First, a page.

US Treasury Secretary warns Chinese firms over potential Russia ties

American officials claim that Chinese firms are providing tools and equipment to the Russian military

US Treasury Secretary Janet Yellen has warned Chinese companies with “consequences” if they supply parts or equipment to the Russian military. During a multi-day trip to Beijing, Yellen also accused China of flooding global markets with inexpensive goods.
“Secretary Yellen emphasized that companies, including those in the PRC, must not provide material support for Russia’s war against Ukraine, including support to the Russian defense industrial base,” the US Treasury said in a statement released after Yellen met her Chinese counterpart, He Lifeng, in Guangzhou on Friday.
Yellen warned that these firms would face “significant consequences if they do so,” the statement continued.
American officials have repeatedly cautioned Chinese companies against doing business with the Russian military since Moscow began its operation in Ukraine in 2022. Yellen’s latest warning came as anonymous US officials told that Chinese firms were supplying microelectronics and machine tools for the production of tanks, and optics and propellants for use in missiles.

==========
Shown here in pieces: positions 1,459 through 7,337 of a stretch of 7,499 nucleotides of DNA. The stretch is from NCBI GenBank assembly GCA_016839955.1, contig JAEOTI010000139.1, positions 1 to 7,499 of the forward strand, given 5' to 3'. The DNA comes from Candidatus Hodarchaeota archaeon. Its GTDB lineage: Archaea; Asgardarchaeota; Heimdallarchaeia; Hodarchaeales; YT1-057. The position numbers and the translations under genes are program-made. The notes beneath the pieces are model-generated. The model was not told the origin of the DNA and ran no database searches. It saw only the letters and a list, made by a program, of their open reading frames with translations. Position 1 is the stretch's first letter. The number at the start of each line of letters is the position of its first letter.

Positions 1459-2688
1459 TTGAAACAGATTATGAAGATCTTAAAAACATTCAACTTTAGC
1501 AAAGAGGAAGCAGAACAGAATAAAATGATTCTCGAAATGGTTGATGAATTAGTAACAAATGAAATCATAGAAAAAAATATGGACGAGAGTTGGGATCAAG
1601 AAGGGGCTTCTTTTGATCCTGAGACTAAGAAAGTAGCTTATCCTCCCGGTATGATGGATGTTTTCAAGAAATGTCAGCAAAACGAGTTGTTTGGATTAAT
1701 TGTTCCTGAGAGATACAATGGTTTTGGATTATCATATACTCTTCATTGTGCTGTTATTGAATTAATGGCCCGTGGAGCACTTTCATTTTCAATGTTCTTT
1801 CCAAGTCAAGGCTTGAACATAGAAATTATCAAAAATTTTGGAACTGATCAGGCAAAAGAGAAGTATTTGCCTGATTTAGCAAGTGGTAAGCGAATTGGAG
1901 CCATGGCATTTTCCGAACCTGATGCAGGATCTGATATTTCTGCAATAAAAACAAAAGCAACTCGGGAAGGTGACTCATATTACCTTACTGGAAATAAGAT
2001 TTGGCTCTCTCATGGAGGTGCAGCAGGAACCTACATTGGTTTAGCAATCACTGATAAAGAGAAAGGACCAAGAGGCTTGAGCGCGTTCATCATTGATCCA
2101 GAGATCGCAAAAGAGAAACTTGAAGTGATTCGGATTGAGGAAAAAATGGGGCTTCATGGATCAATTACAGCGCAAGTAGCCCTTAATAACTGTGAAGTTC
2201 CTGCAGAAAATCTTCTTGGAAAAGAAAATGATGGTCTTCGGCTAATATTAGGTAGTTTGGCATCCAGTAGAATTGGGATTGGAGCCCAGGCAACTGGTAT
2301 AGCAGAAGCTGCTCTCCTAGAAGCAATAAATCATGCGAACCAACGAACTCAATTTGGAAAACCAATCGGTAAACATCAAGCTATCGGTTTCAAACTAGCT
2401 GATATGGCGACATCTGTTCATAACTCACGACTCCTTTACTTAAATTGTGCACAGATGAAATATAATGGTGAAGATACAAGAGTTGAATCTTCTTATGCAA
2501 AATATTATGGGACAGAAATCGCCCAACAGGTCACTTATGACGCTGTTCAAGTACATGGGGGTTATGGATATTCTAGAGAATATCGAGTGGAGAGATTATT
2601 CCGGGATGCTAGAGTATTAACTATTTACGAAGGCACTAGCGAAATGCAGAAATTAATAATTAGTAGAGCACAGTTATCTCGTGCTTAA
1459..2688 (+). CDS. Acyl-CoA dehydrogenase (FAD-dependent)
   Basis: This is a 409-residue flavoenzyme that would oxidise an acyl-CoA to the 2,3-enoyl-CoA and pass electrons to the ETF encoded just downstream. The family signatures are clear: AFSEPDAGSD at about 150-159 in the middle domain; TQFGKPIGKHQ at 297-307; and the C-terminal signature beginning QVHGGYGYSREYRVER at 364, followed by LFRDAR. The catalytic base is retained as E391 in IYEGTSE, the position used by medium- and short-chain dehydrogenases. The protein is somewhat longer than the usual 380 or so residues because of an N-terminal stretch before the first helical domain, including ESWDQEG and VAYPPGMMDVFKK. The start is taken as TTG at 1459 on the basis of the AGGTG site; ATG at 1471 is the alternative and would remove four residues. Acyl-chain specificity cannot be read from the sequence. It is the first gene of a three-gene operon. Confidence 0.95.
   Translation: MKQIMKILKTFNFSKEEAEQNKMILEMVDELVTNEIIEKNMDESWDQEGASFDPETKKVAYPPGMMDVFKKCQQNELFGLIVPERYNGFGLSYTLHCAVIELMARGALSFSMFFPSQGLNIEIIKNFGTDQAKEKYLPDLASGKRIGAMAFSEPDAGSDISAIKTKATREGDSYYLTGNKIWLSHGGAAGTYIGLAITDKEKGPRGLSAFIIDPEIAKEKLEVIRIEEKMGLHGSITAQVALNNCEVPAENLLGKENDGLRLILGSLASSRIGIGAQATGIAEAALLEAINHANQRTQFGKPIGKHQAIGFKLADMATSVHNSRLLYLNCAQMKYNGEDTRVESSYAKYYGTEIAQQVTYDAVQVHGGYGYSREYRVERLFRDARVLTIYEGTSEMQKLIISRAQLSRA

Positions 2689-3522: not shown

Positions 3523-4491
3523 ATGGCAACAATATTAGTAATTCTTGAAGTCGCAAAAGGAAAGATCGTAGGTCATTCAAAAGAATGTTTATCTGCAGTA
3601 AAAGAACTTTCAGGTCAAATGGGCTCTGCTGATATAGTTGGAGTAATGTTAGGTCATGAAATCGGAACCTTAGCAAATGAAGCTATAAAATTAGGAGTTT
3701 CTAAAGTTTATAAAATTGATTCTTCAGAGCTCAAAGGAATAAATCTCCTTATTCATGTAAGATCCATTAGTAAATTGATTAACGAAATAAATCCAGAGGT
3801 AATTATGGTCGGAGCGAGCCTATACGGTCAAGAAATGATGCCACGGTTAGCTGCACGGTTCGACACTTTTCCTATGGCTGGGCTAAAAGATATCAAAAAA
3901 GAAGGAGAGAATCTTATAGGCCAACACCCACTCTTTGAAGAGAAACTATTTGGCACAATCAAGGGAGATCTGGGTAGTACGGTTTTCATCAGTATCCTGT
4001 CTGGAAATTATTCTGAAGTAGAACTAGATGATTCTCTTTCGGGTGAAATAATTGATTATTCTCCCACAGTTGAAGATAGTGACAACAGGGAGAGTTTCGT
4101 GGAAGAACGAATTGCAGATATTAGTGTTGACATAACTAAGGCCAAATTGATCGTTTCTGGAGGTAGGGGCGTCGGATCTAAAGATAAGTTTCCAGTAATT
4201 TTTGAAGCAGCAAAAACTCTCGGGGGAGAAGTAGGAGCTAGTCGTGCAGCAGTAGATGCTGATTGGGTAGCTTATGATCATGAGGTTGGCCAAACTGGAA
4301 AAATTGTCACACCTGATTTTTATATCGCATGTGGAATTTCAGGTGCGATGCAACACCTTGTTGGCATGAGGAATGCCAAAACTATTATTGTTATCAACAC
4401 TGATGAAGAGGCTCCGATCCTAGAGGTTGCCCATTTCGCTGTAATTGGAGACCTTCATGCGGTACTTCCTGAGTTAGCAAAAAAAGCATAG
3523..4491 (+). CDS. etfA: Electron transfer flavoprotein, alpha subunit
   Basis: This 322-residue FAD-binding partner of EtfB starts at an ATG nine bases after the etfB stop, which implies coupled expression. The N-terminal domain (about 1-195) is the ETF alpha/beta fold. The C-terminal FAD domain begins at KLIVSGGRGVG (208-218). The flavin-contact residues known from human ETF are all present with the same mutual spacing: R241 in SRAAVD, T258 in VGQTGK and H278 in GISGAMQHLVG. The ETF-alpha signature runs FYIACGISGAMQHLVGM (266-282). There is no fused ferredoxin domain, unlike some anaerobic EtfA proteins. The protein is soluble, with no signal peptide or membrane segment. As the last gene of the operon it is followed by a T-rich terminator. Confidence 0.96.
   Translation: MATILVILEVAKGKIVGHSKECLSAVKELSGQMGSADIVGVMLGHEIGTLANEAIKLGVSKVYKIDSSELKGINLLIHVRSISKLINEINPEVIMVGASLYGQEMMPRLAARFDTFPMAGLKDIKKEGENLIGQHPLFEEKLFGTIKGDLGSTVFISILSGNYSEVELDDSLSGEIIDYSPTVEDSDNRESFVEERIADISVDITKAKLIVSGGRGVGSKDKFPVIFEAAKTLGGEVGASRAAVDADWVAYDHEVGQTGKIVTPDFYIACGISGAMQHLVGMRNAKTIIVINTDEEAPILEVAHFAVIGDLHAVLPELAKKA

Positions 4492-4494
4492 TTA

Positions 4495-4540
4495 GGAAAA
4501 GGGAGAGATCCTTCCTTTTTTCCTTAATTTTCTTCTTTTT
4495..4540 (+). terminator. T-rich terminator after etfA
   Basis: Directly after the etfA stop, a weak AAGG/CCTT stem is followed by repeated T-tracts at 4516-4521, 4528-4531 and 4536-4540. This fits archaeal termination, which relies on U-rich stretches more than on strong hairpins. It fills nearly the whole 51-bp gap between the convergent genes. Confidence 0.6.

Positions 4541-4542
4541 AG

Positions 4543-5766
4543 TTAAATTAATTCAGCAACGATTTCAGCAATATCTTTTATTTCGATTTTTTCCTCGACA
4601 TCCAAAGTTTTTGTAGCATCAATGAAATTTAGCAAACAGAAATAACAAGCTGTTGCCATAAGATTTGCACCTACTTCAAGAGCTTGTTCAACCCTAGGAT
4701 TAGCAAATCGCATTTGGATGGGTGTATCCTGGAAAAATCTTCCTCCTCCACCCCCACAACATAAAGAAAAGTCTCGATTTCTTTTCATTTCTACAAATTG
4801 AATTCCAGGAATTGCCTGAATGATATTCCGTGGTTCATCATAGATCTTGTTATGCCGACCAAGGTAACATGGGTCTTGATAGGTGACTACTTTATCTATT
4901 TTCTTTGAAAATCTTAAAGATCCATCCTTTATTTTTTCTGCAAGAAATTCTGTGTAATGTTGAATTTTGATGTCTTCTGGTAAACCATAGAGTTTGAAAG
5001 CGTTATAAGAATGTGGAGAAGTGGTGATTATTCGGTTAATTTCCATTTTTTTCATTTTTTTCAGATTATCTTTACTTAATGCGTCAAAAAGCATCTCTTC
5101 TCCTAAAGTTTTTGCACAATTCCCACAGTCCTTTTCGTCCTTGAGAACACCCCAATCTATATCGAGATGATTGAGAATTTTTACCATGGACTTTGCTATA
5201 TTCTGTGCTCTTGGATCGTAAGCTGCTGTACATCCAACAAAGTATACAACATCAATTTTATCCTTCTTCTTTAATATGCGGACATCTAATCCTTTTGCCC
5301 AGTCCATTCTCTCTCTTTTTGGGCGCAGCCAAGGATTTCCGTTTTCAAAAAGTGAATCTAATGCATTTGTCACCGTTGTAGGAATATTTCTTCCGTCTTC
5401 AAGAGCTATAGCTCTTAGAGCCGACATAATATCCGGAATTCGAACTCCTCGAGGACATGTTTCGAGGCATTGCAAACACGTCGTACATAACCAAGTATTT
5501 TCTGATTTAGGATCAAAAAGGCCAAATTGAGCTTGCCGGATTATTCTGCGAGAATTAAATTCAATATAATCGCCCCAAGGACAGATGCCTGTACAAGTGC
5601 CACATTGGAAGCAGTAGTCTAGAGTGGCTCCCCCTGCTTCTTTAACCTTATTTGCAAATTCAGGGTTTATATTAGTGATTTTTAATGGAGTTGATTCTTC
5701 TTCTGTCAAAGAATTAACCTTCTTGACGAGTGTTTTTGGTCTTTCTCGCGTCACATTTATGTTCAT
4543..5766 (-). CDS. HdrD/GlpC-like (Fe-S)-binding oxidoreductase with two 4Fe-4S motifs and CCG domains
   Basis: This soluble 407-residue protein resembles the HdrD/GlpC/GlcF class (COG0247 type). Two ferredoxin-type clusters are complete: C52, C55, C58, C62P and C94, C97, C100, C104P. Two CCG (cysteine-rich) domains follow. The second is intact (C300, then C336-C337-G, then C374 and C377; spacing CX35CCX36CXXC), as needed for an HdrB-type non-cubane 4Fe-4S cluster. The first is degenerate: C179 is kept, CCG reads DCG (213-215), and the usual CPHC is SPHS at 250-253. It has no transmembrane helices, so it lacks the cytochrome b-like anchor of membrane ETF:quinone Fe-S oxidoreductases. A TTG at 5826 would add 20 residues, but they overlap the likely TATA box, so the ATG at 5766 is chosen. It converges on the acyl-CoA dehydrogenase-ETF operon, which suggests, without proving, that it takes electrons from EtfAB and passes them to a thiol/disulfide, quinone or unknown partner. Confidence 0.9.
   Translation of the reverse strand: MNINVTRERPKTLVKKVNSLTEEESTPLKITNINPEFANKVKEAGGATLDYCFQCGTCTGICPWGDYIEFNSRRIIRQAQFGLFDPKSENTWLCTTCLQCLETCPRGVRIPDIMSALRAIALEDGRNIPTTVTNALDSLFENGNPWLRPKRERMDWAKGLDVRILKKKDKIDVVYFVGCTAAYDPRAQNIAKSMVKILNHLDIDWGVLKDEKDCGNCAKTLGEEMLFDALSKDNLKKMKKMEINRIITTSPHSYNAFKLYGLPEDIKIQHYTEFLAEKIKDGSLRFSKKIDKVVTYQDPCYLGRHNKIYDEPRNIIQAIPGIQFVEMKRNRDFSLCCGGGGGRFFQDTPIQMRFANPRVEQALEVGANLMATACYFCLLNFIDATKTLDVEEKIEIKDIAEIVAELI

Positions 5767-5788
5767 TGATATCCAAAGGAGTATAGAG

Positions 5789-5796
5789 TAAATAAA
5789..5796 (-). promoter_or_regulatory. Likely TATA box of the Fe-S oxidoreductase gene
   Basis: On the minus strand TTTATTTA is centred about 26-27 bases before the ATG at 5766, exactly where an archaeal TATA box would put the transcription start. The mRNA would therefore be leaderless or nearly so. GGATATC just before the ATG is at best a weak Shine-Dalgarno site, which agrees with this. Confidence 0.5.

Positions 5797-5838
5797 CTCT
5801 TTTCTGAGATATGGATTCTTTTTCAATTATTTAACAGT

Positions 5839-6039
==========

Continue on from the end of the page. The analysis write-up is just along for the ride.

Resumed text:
Neither Moscow nor Beijing have commented on the report, although both have repeatedly denied American claims that the Russian military has bought ammunition and ‘dual use’ technology (with both military and civilian applications) from China.
Russian President Vladimir Putin and Chinese President Xi Jinping have deepened their military and diplomatic cooperation over the past two years, with both leaders declaring a “no limits” partnership in February 2022. That partnership has seen Russia become China’s largest supplier of oil, while the Russian space agency Roscosmos announced last month that it could work with China to build an automated nuclear reactor on the moon by 2035
Speaking to Chinese officials and American business figures on Friday, Yellen said that the US would “pursue a healthy economic relationship with China.” However, she made a few pointed criticisms of Beijing, accusing China of oversubsidizing its industries to the point that Chinese manufacturers are producing more goods for export “than the global market can bear.”